I got this back in February from a guy named David, and David was entirely right.
I was just discussing with my co-worker that most of the good old mom and pop computer stores are now gone (having presumably been killed off by the Internet and online shopping). Granted I’m in Albuquerque, NM and we didn’t have many to begin with but I’m sure it’s happened everywhere. Anyhow, I definitely think it’s a worthy topic to examine.
At this point in the US, the computer store is the electronics chain big box store, with little exception. Best Buy, Microcenter, Fry’s, even Wal-Mart, Staples, Sears. If you want a washing machine at the same time as you get your laptop, or the idea of picking up a few ties and a Hawaiian shirt along with your hard drive excites you, boy are you in luck.
But obviously this wasn’t always the case – at one point computer stories dotted the landscape and had no other little clone friends dotting other parts of the landscape. I’m sure they hung out and chatted about the ups and downs of computer store ownership, but each one had its own place and its own unique character.
Most people agree that one of the first biggie computer stores was The Computer Mart, run by one Stan Veit. Stan died earlier this year. (That obituary/rememberance is worth the read, by the way.) From that mid-1970s start, computer stories started appearing in greater numbers, selling off these awesome new machines to eager and money-waving hands. They were stumbly, strange, unique, fun, and individualistic. They hand-lettered signs, proudly put up baggies with software in them, and waited for the customers to come.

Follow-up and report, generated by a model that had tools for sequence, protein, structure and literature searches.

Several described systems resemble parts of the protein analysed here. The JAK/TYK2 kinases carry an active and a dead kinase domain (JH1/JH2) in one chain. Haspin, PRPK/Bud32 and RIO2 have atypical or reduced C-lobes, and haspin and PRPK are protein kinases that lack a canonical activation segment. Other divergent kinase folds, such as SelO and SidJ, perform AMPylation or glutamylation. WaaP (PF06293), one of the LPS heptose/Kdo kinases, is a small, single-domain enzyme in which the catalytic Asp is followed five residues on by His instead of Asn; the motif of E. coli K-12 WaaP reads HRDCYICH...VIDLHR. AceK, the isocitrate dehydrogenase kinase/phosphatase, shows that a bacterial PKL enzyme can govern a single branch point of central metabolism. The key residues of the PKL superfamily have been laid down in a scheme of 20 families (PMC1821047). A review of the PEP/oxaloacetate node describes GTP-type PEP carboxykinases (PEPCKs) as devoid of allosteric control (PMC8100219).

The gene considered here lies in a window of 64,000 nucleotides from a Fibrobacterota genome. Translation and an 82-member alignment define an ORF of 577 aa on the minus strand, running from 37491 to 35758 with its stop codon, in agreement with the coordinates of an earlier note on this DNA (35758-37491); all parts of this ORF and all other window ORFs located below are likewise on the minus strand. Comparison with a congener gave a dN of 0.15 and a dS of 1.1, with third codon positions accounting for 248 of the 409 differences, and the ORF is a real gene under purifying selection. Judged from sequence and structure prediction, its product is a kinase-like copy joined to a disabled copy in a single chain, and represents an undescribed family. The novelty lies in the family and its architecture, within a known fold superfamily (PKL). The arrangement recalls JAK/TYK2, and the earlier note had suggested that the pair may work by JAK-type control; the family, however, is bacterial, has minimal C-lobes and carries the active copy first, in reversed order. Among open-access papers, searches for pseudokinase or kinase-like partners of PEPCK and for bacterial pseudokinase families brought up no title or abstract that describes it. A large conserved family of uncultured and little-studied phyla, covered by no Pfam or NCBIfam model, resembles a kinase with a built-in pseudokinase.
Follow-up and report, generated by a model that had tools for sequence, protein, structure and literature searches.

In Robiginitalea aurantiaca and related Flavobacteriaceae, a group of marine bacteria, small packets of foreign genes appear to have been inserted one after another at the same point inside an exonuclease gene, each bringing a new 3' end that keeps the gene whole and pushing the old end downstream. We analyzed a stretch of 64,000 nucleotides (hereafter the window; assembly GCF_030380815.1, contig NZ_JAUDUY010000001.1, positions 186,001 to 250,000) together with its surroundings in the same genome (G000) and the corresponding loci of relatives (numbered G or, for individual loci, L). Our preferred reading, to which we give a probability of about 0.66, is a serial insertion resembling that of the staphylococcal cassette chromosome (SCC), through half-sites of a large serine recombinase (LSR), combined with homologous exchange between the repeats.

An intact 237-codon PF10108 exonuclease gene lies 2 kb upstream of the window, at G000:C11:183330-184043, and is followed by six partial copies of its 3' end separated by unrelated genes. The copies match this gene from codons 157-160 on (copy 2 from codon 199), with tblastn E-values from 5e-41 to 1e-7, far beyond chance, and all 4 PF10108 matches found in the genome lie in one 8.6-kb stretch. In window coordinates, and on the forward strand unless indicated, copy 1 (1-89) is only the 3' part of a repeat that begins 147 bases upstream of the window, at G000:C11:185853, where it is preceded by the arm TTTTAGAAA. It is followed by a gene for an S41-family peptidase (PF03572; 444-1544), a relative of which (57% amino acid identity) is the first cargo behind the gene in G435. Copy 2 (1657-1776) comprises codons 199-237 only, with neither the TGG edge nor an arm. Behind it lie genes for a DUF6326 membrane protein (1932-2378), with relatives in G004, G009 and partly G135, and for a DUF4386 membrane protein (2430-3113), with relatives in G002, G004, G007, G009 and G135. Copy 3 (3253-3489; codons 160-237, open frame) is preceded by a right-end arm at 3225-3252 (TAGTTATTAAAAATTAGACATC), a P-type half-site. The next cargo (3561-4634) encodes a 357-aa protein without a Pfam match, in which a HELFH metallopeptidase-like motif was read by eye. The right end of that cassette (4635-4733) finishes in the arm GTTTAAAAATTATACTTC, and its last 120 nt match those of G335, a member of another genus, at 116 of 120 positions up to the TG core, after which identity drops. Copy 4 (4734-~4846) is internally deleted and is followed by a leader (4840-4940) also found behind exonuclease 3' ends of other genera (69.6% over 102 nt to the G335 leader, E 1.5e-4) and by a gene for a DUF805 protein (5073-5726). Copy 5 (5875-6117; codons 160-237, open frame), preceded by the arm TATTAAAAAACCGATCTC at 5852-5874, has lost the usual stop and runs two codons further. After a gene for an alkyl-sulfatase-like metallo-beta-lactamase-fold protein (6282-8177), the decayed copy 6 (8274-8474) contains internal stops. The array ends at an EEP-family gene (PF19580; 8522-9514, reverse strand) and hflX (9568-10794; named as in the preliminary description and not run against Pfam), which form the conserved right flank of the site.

I wish they’d taken more photos of them.
There’ll always be a few of these stores around – either a community will be unwanted by the chains or the store will do things at a certain price for older equipment that enough customers will want to go there first for repairs. But the days of a vibrant, center-of-everything show of the latest and greatest coming down the way are over for them.
So thanks, David. I’ll get on it.
Categorised as: computer history
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